Tim Leunig argues that the national insurance system is difficult to administer, and is overly complicated for both employers and employees. Merging it with income tax would be relatively simple – it is the best way forward.
The UK tax system was recently reviewed by a committee of “some of the world’s finest economic brains”, headed by Nobel Prize Winner in Economics, Professor Sir James “Jim” Mirrlees.
The Committee’s report was wide-ranging, radical and generally right. There ARE good economic reasons to levy the full rate of VAT on “food, passenger transport, books and other reading matter, prescription drugs, children’s clothing, and domestic fuel and power” (p. 218).
The report has been almost completely ignored, largely because it was wide-ranging and radical. Whatever the economics, no politician wants to be remembered as the person who levied VAT on “food, passenger transport, books and other reading matter, prescription drugs, children’s clothing, and domestic fuel and power” (p. 218).
Yet there is one aspect of the report that Government could and should follow: the integration of income tax and national insurance. Neither system is perfect. The income tax system, for example, has a total of eight different annual tax free allowances, which is approximately seven too many (why do blind people get a larger tax allowance, but not people with any other disability?).
The national insurance system is much, much worse, and as the report noted, “National Insurance no longer serves any purpose”. The system is fiendishly complex. Employees’ national insurance is calculated by dividing income into up to six different categories, with a different rate on each which in turn depends on which of ten different categories the individual falls into. That is sixty rates in all. In addition, there are twenty different rebates for pensions. There is even a distinction between paying 0% of your income, and paying NIL. I would love to tell you what it is, but I am sorry I haven’t a clue.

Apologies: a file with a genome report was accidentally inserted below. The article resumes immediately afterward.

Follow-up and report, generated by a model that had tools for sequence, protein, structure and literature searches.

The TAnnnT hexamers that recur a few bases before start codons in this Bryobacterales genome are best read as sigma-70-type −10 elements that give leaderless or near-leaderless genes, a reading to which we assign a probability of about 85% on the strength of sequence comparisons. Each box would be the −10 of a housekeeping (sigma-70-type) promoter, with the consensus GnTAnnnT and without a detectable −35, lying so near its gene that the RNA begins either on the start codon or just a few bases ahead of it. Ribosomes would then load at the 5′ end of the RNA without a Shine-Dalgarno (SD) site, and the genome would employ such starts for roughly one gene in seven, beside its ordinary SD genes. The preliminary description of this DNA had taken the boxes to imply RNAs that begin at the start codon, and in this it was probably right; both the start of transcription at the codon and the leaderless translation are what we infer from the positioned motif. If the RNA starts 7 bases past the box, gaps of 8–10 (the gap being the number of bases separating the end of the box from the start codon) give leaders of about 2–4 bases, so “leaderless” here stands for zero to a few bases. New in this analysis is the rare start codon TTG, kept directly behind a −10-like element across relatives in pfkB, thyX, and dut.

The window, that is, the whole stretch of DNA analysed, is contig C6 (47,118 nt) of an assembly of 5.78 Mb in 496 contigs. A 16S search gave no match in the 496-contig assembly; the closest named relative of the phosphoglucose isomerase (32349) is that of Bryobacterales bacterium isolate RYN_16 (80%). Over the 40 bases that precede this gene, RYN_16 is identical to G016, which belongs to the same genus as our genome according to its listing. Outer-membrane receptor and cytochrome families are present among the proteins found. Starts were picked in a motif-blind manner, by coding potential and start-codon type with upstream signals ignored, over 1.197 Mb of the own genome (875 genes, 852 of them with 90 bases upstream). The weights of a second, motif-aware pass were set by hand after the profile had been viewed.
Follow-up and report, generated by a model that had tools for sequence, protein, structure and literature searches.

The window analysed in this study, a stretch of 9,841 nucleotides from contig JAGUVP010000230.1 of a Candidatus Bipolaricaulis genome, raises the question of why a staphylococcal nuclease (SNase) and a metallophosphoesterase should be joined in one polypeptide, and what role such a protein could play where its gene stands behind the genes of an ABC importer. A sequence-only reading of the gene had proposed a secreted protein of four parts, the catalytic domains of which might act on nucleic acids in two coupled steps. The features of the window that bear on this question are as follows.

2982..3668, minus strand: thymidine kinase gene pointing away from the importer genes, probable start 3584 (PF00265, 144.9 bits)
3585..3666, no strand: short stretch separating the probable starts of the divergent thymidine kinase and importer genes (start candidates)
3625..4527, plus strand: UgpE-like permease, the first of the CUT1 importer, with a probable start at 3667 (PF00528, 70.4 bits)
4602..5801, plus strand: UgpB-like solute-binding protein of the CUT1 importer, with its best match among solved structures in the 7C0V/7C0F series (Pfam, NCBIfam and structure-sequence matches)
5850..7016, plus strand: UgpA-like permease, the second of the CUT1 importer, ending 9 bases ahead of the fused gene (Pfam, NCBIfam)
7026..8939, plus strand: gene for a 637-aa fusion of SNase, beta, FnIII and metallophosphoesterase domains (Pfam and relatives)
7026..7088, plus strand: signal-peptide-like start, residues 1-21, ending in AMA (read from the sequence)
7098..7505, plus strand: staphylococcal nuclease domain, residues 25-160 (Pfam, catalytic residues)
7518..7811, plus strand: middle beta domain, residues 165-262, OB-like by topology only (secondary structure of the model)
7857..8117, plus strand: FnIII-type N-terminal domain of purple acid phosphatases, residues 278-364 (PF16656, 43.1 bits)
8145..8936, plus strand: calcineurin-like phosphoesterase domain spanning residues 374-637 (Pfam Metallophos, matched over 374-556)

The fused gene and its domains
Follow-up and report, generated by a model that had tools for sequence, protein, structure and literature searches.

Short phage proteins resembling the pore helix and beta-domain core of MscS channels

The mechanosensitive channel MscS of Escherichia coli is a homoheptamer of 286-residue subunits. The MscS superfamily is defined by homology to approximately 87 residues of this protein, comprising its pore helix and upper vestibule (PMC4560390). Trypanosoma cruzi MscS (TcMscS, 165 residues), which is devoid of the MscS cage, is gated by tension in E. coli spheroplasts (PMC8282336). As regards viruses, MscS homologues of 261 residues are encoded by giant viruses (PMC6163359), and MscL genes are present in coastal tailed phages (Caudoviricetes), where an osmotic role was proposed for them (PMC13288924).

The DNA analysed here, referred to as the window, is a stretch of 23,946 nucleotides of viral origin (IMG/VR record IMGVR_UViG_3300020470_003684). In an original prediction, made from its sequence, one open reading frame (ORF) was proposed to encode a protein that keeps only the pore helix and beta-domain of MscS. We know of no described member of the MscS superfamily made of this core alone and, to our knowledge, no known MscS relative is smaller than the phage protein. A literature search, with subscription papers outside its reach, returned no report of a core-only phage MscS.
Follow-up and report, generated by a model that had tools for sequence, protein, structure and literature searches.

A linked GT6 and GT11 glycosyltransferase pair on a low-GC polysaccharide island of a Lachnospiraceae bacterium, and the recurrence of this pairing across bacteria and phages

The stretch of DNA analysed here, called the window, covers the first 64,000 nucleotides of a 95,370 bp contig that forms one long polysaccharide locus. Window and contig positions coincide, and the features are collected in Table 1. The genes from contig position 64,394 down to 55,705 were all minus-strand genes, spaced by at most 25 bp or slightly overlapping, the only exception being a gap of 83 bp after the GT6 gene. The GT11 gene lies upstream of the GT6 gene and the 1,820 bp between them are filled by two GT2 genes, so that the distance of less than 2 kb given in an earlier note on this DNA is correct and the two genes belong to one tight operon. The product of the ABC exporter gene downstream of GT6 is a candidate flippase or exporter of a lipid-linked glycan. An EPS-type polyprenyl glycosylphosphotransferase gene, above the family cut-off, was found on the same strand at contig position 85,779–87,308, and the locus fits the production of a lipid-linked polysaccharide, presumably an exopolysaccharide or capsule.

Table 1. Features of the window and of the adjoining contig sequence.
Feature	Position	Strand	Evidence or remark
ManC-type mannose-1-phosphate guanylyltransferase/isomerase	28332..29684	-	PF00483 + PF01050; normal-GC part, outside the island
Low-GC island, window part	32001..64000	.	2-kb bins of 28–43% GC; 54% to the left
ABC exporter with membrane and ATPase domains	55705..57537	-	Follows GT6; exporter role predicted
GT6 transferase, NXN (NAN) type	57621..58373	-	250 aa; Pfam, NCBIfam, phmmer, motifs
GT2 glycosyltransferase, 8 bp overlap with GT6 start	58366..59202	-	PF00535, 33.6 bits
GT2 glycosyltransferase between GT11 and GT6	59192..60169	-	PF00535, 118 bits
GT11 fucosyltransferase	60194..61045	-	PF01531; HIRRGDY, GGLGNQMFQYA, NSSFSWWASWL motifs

The employer’s element of national insurance has 70 different categories in all. Furthermore, national insurance is worked out per employer, so a person with two part time jobs must be assessed twice, although they then may qualify for a rebate later. If they have self-employed income the system becomes even more complex.
The system is so complex even those who administer it have little clue. Recently, I received a letter stating that the administrators believed I paid too much national insurance last year. They required me to fill in a form giving my name (which was printed on the first page of the form they sent me), my employers (which they know), and the amount of national insurance that I paid last year (which they also know). They will now calculate whether I am owed a refund.
I shall not hold my breath. The system is so complex that they have yet to work out my national insurance going back to 2002-3, for which they think I owe either £2.05 or £2.20, depending on which letter you read. Taking all the years together I think that they owe me about £100, whereas they think I owe them about £50. So far we have exchanged more than 20 letters on the subject, before I referred the matter to the Adjudicator. The Adjudicator agreed that I had received very poor service, and awarded me compensation, but said they were also unable to work out the right answer.
We seem to have created a system that is behind the wit of both those who pay it and those who administer it. It would be perfectly possible to merge it with income tax in a way that creates relatively few winners or losers. Doing so is a no brainer.
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